8 Attempts, 260kms Travel, 9 Hours of Standing in the Snow and Rain…. The Story Behind my Shot

8 Attempts, 260kms Travel, 9 Hours of Standing in the Snow and Rain…. The Story Behind my Shot

A Guest Post by Adi Chiru

Although I never focused exclusively on making money out of photography I am still affected by this idea that many people have that photography has become easy and photographers, in general, are not really needed anymore.

It sounds stupid, I know, and, I probably shouldn’t be thinking about it too much. But since a lot of photography equipment is now more accessible than ever to the general public, many people consider themselves photographers just because they have a fancy, relatively expensive camera that does everything for them.

I am amazed by how many people consider the equipment to be the most important element in creating a good photograph. Many people think that they could have made a fantastic photograph if only they had that very fancy, expensive camera at the right moment.

This is a misconception, as I will try to explain using this panorama photograph I made of Vancouver (BC, Canada). Although being in the right place at the right moment with the appropriate equipment is a huge part of a successful photograph, let’s set these things aside for the moment and look at the other considerations at play.

I live near Vancouver, and it is a great place for many types of photography. I took this photograph from one of the most well-known places in the city, so the location itself is not a secret—I didn’t need to get special access to it.

Click on the image for a larger size. I hope you have a good, calibrated monitor!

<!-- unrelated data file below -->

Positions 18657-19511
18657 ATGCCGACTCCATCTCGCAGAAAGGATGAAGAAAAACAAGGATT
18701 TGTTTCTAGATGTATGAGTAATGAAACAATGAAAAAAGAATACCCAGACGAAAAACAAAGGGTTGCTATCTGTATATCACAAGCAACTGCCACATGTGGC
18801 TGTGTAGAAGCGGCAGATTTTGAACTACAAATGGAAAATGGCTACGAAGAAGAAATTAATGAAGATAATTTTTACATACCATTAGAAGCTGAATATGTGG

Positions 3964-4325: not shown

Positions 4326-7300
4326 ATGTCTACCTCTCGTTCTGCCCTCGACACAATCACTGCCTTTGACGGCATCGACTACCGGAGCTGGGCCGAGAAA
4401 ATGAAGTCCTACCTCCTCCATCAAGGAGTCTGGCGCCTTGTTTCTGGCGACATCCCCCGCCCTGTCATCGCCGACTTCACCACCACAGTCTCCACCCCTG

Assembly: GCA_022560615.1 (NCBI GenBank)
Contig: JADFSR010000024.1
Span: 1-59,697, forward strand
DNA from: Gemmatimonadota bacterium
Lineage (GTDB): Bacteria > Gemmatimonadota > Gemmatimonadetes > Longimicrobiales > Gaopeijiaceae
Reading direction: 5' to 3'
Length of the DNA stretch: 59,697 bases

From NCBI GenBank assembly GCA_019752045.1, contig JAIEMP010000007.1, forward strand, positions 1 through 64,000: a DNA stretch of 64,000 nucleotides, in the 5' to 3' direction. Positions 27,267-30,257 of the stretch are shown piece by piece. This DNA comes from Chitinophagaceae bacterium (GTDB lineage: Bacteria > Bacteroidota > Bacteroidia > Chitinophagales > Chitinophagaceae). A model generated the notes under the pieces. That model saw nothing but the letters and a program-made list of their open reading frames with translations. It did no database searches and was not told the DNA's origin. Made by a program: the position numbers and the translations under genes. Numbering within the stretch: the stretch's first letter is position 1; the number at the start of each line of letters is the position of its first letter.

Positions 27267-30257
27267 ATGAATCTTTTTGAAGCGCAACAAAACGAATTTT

I chose to make a night photograph, as the first time I visited this location, the sun was setting and the city was starting to sparkle. I went back for a day light capture too, a few weeks later, but that’s a different story.

Here’s the equipment I used:

The technique I used was to stitch together, in Photoshop, eight different photographs made with exposures between 20 and 30 seconds at f/8, ISO 100 and EV +0.3.

So, what does it take to make an image like this?

First, it took eight different trips to that location, six of which I made specifically to take this image.

  • The first time I went there was in December, and it was raining. I unpacked my tripod and camera, but the images I took were useless.
  • The second time there were a few kids running around, and the wooden deck I was standing on was vibrating a lot. I can’t ask people to keep their children still. It was a touristic location and the place was a little crowded.
  • The third time there was no rain and the sky looked great; however there was enough humidity in the air to ruin all my photos. Humidity means there’s water in the air. This diffuses the light, so the images were blurry at full size. I could have used them, probably, for relatively small prints, but I am never comfortable with such compromises. My aim with this project was to create a panorama that could be printed at large or even huge sizes.
  • The fourth time I got there the weather looked fine, but snow started to fall as soon as I finished unpacking—really frustrating…
  • The fifth time there was fog, like a huge cloud over the water, blocking the view. I suppose there could have been a good image there—with very low contrast as if the city was swallowed by mist—if the fog had been more even, and less dense…